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# Numerical results on existence and stability of standing and traveling waves for the fourth order beam equation

Stanislavova supported in part by NSF-DMS # 1516245.
• In this paper, we study numerically the existence and stability of some special solutions of the nonlinear beam equation: $u_{tt}+u_{xxxx}+u-|u|^{p-1} u = 0$ when $p = 3$ and $p = 5$. For the standing wave solutions $u(x, t) = e^{iω t}\varphi_{ω}(x)$ we numerically illustrate their existence using variational approach. Our numerics illustrate the existence of both ground states and excited states. We also compute numerically the threshold value $ω^*$ which separates stable and unstable ground states. Next, we study the existence and linear stability of periodic traveling wave solutions $u(x, t) = φ_c(x+ct)$. We present numerical illustration of the theoretically predicted threshold value of the speed $c$ which separates the stable and unstable waves.

Mathematics Subject Classification: Primary: 34K28, 34L16, 34D20, 34L16, 35B35, 35C07.

 Citation: • • Figure 1.  Two standing waves are shown for $p = 3$, $\omega = 0.5$ and $L = 20\pi$. The dashed line is the standing wave derived from a local minimizer of (8) and the solid line is derived from a global one.

Figure 2.  Existence of standing waves. $\varphi_{\omega}$ versus position when $p = 3$, (a) for different values of $\omega$ for $L = 50\pi$ (b) for different values of $L$ for $w = 0.8$.

Figure 3.  Orbital stability of standing wave solutions. $M(\omega)$ versus $\omega$ when $L = 50\pi$, (a) $p = 3$, the graph is concave up for $\omega\in (0.64, 1)$, (b) $p = 5$, the graph is concave up for $\omega\in(0.82, 1)$.

Figure 4.  (a) Snap-shots from the simulation of a periodic standing wave for $p = 5$, $\omega = -0.95$, $L = 30\pi$ when $t = 0$ (blue), $t = 5$ (red), $t = 22$ (green), $t = 28$ (pink), $t = 39$ (purple), $t = 44$ (black). (b) the space-time evolution of the periodic standing wave.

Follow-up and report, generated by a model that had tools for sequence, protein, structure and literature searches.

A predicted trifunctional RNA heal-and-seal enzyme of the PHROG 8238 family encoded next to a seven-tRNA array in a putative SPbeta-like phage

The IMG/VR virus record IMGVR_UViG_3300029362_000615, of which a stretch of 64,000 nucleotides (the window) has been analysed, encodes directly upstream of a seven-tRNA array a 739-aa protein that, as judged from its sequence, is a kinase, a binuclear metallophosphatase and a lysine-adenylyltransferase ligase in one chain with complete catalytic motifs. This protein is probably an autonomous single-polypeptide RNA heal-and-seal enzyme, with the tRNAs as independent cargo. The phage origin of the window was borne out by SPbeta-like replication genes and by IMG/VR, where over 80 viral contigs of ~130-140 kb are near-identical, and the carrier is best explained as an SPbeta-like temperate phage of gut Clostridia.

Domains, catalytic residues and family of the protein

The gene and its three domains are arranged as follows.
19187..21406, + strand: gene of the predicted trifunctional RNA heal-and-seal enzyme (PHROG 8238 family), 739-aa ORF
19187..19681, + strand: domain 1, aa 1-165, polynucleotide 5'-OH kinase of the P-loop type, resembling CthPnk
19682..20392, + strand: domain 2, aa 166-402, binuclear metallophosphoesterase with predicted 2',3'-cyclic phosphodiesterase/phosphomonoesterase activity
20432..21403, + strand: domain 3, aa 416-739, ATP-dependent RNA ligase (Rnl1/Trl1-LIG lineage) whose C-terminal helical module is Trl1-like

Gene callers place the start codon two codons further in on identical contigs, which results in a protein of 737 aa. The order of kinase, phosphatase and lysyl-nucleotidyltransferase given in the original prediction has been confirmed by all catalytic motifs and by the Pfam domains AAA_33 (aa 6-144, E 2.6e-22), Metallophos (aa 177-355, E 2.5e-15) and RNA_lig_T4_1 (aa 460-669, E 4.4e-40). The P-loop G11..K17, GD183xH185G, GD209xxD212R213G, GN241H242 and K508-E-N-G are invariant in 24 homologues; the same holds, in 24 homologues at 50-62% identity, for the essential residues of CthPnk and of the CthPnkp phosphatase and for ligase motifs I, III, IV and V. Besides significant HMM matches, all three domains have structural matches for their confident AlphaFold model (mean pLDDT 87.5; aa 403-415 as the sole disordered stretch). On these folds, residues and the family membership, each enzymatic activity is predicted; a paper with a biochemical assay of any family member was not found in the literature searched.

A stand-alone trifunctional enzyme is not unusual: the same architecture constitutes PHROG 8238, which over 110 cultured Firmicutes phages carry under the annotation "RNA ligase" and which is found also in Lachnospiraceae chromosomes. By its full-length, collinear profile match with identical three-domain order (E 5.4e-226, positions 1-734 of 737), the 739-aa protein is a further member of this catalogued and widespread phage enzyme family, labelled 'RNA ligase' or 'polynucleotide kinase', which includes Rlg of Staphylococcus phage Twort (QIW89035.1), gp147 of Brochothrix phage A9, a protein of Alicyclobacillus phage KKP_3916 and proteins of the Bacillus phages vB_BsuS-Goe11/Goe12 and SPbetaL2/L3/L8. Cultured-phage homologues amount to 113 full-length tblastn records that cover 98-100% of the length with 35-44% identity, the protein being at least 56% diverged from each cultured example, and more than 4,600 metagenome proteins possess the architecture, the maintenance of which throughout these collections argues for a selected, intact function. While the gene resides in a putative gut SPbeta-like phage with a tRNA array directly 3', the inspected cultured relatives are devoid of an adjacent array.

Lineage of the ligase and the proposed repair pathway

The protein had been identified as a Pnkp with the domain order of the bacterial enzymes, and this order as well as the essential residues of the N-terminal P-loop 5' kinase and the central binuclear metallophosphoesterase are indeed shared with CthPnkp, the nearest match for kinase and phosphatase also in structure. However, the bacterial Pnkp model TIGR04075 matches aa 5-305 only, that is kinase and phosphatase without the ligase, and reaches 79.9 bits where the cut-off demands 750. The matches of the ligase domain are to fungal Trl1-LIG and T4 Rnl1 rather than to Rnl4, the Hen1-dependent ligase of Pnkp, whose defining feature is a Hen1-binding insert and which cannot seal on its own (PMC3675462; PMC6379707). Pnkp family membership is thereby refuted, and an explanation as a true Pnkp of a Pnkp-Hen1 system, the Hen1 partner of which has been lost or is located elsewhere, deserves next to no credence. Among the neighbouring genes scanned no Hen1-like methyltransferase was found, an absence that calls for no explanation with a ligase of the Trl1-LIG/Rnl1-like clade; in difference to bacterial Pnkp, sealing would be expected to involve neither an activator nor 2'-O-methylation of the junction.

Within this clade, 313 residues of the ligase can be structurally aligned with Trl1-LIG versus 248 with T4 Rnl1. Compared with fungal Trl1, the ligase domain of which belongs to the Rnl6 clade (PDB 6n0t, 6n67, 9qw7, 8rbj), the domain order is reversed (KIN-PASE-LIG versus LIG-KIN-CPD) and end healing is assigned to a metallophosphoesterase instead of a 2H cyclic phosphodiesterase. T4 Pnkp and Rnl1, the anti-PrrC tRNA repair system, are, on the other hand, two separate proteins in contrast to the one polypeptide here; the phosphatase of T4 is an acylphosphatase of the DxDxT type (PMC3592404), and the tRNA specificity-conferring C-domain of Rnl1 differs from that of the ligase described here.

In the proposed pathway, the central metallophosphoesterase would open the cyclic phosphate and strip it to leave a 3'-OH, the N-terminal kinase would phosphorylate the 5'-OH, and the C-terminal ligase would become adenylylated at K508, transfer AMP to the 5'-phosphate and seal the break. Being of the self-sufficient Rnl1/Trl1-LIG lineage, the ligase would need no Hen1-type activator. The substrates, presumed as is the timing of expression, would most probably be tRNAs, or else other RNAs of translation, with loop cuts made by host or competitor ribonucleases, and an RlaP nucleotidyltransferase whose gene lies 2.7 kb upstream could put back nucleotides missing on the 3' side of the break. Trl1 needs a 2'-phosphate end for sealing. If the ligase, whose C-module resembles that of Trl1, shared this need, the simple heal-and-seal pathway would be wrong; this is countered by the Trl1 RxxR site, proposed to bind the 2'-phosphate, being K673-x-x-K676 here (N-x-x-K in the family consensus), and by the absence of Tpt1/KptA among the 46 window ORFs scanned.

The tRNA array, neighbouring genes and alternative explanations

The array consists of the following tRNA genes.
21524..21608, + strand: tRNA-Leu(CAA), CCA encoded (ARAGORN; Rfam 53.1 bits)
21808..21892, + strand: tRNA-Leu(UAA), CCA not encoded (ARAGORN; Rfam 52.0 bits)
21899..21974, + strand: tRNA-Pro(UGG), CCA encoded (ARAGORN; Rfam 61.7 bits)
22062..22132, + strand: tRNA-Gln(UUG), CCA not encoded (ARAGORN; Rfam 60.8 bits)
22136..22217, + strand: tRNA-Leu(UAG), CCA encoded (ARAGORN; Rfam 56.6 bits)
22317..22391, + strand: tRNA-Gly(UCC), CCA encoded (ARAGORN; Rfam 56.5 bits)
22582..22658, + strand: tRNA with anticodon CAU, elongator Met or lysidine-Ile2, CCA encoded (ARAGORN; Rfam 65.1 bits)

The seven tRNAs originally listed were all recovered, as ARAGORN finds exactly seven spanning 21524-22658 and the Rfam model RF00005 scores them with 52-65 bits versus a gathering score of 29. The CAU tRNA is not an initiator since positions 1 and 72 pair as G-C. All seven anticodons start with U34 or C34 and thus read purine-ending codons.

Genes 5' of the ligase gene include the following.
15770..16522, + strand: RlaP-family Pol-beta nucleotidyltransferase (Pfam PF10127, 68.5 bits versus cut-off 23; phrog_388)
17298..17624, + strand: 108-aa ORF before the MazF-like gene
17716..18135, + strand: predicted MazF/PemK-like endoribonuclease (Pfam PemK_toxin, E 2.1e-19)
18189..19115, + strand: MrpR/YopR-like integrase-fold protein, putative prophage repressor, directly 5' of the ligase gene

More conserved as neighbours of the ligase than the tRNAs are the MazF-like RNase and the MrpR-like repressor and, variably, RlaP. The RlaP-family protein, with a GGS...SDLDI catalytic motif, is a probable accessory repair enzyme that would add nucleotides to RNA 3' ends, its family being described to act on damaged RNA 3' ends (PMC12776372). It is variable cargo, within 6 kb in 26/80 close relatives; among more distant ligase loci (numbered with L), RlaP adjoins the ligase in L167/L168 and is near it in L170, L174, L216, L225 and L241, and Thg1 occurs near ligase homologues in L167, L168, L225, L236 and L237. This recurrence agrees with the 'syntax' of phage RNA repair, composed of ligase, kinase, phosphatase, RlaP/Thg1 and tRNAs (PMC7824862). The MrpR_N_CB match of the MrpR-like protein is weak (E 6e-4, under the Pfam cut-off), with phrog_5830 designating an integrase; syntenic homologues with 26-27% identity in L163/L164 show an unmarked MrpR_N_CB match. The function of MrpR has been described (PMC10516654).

Figure 5.  Space-time evolution of the standing wave for $L = 30\pi$ (a) $p = 3$, $\omega = -0.55$ (b) $p = 5$, $\omega = -0.65$

Figure 6.  (a) Snap-shots from the simulation of a periodic traveling wave for $c = -1, 32$, $L = 30\pi$ when $t = 0$ (blue), $t = 1$ (red) and $t = 50$ (green) (b) the space-time evolution of the periodic traveling wave.

Figure 7.  Existence of traveling waves. $\phi_{c}$ versus position for different values of $c$ when $L = 100\pi$ and $p = 3$. $c = 0$ corresponds to the steady state solution.

Figure 8.  The first and the second minimum eigenvalues of $\mathcal{H}$ as L varies on $[5\pi, 31\pi]$ for $c = 0$, $c = 1$ and $c = 1.3$.

Figure 9.  $c^*$ versus $L$. In this figure, $L$ varies on $[5\pi, 200\pi]$. The numerical computations show us as $L$ increases $c^*$ decreases.

Figure 10.  (a) Snap-shots from the simulation of a periodic traveling wave for $c = -1, 38$, $L = 30\pi$ when $t = 0$ (blue), $t = 1$ (red) and $t = 50$ (green) (b) the space-time evolution of the periodic traveling wave.

Figure 11.  (a) Snap-shots from the simulation of a periodic standing wave for $p = 3$, $\omega = -0.85$, $L = 30\pi$ when $t = 0$ (blue), $t = 5$ (red), $t = 17$ (green), $t = 24$ (pink), $t = 37$ (purple), $t = 49$ (cyan), $t = 56$ (black). (b) the space-time evolution of the periodic standing wave.

Table 1.  $\omega^*$ values as $L$ varies.

 $p$ $\omega^*$ $L$ $3$ $0.715\pm0.005$ $\pi$ $0.655\pm0.005$ $\in[2\pi, 50\pi]$ $0.6375\pm0.0025$ $100\pi$ $5$ $0.865\pm0.005$ $\pi$ $0.825\pm0.005$ $\in[2\pi, 50\pi]$ $0.8175\pm0.0025$ $100\pi$
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